The Colorado Department of Transportation (DOT) has shut down over 2,000 computers after some systems got infected with the SamSam ransomware on Wednesday, February 21. The agency’s IT staff is working with its antivirus provider McAfee to remediate affected workstations and safeguard other endpoints before reintroducing PCs into its network. In a rare sign of transparency, officials revealed the name of the ransomware —SamSam. This is the same ransomware strain that infected hospitals, city councils, and ICS firms in January. The hackers made over $300,000 from those attacks. One of the victims, an Indiana hospital agreed to pay a $55,000 ransom demand despite having backups. Hospital officials said it was easier and faster to pay the ransom than restore all its computers’ data from backups. DOT officials said they don’t intend to follow suit by paying the ransom demand and they will restore from backups. Andy Norton, Director of Threat Intelligence at Lastline commented below.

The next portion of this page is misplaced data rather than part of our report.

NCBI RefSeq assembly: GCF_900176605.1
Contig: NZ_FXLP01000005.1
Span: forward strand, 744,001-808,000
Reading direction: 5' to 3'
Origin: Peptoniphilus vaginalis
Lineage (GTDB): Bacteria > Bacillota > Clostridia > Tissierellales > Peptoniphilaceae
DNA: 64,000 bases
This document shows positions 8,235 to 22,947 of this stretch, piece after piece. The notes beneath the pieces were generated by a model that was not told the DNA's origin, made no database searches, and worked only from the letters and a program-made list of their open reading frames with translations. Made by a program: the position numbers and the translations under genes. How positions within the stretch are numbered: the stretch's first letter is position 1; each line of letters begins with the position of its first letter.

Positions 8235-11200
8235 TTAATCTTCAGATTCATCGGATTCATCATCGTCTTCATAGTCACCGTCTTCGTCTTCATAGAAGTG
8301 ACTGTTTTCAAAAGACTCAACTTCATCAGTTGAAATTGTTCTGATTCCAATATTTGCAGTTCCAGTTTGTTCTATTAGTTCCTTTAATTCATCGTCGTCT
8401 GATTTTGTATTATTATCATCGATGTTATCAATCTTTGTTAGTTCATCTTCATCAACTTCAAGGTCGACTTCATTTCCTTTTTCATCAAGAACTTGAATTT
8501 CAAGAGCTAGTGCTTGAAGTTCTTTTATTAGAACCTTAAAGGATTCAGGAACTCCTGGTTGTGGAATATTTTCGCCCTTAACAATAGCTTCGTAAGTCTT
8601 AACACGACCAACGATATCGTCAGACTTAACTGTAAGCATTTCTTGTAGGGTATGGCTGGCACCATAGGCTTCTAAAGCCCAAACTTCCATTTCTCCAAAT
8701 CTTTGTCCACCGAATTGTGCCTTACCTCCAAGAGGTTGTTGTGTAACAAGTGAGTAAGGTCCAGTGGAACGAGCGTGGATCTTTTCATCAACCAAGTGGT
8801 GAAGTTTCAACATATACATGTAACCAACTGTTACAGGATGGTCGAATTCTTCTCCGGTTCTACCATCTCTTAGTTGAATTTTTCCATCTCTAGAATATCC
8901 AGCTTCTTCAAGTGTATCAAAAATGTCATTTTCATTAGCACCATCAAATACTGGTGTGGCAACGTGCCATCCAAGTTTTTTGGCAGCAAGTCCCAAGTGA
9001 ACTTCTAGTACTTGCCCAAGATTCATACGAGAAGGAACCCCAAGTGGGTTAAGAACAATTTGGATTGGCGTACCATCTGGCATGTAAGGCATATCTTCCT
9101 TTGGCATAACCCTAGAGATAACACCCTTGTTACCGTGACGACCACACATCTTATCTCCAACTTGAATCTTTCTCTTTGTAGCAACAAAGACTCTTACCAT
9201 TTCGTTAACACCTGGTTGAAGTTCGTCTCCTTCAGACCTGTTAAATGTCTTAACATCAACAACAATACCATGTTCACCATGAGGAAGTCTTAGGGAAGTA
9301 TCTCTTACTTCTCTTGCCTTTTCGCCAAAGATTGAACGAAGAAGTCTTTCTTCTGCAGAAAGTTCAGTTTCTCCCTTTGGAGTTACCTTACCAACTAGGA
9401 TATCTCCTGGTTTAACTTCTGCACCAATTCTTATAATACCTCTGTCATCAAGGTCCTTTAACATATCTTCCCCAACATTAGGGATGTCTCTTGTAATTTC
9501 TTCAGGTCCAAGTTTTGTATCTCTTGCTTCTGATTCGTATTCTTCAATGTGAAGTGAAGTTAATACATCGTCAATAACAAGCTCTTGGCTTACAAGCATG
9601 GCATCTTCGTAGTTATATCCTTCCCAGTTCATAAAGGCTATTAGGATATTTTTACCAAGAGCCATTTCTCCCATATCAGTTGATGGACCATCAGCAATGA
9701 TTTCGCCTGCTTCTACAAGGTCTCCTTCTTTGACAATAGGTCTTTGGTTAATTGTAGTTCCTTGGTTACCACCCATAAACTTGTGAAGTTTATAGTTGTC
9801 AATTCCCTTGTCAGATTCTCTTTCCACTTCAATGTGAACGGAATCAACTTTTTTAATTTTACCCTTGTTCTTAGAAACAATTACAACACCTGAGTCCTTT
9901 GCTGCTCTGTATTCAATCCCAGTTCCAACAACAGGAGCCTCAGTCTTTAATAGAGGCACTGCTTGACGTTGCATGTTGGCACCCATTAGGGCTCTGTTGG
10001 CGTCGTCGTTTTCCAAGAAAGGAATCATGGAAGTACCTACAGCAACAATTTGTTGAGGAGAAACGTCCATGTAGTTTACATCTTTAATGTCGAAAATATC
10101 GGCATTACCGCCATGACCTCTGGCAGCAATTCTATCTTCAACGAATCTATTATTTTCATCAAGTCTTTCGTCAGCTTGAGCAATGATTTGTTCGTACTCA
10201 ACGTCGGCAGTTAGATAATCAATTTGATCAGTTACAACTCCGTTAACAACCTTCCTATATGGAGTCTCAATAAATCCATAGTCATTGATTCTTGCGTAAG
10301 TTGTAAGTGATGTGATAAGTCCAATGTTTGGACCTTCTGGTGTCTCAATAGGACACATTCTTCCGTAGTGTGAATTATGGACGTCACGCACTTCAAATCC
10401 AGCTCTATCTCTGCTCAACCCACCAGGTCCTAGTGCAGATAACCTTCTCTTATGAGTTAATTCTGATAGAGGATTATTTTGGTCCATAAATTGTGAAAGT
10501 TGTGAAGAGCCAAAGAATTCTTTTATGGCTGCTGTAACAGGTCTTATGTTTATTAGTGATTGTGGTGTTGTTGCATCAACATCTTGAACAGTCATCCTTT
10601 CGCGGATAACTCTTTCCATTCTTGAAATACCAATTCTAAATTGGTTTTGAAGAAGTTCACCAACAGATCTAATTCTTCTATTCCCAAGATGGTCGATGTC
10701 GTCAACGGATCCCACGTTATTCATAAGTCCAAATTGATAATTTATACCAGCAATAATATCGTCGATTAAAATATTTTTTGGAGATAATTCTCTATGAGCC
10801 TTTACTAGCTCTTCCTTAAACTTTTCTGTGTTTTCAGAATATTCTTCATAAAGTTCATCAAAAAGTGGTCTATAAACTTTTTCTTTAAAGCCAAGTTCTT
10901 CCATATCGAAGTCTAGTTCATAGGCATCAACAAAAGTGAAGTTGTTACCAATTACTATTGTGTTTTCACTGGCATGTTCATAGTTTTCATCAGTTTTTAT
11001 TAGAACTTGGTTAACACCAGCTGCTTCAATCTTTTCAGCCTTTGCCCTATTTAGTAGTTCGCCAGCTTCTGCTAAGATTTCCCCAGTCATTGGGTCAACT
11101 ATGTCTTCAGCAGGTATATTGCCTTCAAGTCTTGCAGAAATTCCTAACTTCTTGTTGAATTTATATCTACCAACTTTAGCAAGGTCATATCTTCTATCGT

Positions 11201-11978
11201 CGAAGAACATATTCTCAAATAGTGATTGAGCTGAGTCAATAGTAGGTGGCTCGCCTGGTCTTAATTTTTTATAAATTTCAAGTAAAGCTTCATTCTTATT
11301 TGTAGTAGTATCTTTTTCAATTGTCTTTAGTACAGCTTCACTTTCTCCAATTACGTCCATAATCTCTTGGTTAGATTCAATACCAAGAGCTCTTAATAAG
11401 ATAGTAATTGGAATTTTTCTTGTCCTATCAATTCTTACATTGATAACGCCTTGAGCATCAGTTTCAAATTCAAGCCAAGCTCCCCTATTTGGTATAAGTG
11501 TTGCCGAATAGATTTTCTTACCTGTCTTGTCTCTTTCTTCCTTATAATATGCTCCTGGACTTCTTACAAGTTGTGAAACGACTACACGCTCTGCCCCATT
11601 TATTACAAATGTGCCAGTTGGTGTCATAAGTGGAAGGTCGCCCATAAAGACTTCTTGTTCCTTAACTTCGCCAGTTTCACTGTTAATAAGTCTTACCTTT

Andy Norton, Director of Threat Intelligence at Lastline:

“Government bodies will have some level of requirement to publicly disclose situations effecting the provision of public services. CDOT’s decision to not to pay the ransom is not directly related to the public notification. What is interesting is the targeting in use by the SamSam authors, who must be one of the most successful ransom gangs out there, with 30+ bitcoins to their name. Choosing government critical services and attempting to propagate across many systems, whilst offering a single key to decrypt all infected machines at 3 bitcoins, is clearly a sweet spot and evidently often the easier option for infected organisations. If the infection had impacted critical services of CDOT, we may of seen a different response from them.”

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